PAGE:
How you respond to adversity often depends on your ability to think creatively. Creative visionaries do not allow hardships to derail them.
Instead, they respond to adversities as challenges and find the learning that comes through grace under pressure.
3. Identify your path and allow your path to choose you.
Most people follow the conventions of society and chase what everyone else seems to be chasing.
For instance, rather than discovering what truly stirs their own passion, they go after the career they think will earn the most money or has the most prestige, all the while thinking that these things are the key to happiness.
Related: 6 Ways To Become Happy
Visionary thinkers have a different driving force.
Steve Jobs, for instance, was compelled by his passion to create the ultimate customer experience for Apple users. He saw that the future was about giving people a more personalized experience with technology. The company’s huge financial success is a result of his passion to change the way we interact with technology.
If you are a creative thinker who wants to make a difference, you must identify your purpose. Often, that process takes years. Your purpose finds you when you are ready and willing to accept it.
To be courageous and help your purpose find you, ask yourself what you want to change in the world and where you can use your creative gifts to make a difference. Follow your passion, and it will lead to your purpose.
4. Prepare for success.
Change happens in an instant. But it can take years to prepare for that one instant.
Creative visionaries and innovators typically prepare for years to make advances that change the world.
When disaster struck Apollo 13, the astronauts and engineers were ready because they had been preparing all along for success. They had planned for many scenarios and trained their minds to accept nothing less than success.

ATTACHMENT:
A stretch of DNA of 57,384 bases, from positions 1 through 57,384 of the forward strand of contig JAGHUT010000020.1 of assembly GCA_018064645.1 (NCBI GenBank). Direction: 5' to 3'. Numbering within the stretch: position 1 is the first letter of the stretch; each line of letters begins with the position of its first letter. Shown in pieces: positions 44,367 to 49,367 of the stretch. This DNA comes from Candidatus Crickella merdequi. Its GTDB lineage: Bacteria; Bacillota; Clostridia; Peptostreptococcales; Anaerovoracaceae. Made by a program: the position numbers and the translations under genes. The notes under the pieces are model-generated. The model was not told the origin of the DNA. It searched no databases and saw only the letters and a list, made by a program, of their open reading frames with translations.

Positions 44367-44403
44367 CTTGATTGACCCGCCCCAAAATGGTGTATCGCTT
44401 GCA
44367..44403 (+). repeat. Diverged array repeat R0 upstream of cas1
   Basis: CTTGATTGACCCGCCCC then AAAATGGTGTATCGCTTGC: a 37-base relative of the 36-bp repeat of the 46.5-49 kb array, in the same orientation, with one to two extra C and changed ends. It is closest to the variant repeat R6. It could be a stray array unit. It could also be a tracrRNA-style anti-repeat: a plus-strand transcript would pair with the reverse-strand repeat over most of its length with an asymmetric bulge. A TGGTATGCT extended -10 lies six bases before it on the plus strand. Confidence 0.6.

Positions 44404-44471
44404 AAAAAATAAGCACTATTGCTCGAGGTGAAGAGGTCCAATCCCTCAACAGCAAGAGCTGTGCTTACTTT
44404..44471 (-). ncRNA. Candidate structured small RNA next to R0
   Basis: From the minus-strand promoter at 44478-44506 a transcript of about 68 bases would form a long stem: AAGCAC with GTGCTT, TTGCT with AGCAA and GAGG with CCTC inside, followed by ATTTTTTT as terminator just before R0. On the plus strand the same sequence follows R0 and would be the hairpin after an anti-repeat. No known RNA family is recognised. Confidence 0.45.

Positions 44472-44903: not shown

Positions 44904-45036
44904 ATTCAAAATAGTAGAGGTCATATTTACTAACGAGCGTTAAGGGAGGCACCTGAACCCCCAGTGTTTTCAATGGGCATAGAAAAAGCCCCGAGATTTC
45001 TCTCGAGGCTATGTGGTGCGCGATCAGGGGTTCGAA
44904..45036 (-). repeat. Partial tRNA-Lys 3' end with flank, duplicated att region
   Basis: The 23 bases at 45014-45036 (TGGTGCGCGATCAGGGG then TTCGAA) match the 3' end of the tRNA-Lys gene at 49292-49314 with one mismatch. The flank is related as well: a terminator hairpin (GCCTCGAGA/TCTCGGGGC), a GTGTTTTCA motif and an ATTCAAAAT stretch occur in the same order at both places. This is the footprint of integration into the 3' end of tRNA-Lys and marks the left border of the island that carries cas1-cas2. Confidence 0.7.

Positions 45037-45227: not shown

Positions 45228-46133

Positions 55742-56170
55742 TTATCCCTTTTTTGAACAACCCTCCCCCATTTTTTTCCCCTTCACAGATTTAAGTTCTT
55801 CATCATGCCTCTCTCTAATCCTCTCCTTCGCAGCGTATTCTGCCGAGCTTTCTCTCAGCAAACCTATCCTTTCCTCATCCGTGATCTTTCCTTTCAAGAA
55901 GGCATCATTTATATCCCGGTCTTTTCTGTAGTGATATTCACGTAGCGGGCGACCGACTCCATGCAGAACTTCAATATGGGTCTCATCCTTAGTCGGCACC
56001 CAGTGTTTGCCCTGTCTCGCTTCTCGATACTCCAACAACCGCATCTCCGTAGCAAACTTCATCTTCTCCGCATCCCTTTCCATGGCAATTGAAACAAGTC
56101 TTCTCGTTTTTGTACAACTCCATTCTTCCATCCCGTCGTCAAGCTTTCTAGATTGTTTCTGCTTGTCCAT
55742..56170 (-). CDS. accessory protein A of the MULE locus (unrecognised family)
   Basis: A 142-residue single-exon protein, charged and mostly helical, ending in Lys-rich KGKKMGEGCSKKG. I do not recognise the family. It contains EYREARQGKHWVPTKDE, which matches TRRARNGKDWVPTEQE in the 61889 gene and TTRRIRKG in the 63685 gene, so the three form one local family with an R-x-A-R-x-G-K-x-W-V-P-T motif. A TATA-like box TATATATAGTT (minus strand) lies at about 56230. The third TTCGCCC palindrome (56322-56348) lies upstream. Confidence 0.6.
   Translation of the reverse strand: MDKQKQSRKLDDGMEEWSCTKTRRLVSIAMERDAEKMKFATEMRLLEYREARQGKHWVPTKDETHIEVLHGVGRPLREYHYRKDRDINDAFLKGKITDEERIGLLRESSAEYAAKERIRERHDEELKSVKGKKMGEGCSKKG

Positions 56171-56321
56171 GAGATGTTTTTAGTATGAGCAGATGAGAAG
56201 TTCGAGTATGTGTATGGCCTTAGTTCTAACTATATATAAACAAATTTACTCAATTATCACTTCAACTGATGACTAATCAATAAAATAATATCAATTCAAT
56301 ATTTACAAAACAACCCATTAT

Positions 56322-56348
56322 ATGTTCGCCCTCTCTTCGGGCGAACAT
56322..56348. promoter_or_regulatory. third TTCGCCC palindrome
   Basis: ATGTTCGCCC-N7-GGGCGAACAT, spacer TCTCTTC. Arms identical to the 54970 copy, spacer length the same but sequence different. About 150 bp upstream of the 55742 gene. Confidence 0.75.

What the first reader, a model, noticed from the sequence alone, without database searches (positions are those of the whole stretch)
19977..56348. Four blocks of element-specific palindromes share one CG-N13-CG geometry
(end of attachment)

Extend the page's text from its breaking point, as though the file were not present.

Once they removed failure as a possible outcome, they were able to focus their full creativity on the task of returning safely to Earth.
Steve Jobs’ whole life was about preparing for the opportunity to succeed. He knew his purpose and passion and he embraced trial and error as the path to making his dreams a reality. He could see nothing but success, and that allowed no room for defeat.
To be courageous is to commit fully to learning and growing through trial and error, adversity, and the inevitable setbacks. When you prepare for success through every difficulty and every opportunity, you will achieve great things.
Samuel P. “Pat” Black III (Pat Black), author of Cracking the Flourishing Code and founder of visionary businesses and philanthropic organizations, aims to create an environment where today’s unconventional thinkers can thrive. One of his groundbreaking companies include HERO Bx, LLC one of the largest biodiesel manufacturers in the Northeast. He’s building “The Flourish Summit” to give communities tools, spaces, and programs nonconformist leaders will use to find solutions to today’s most pressing challenges.
Image by Bazzerio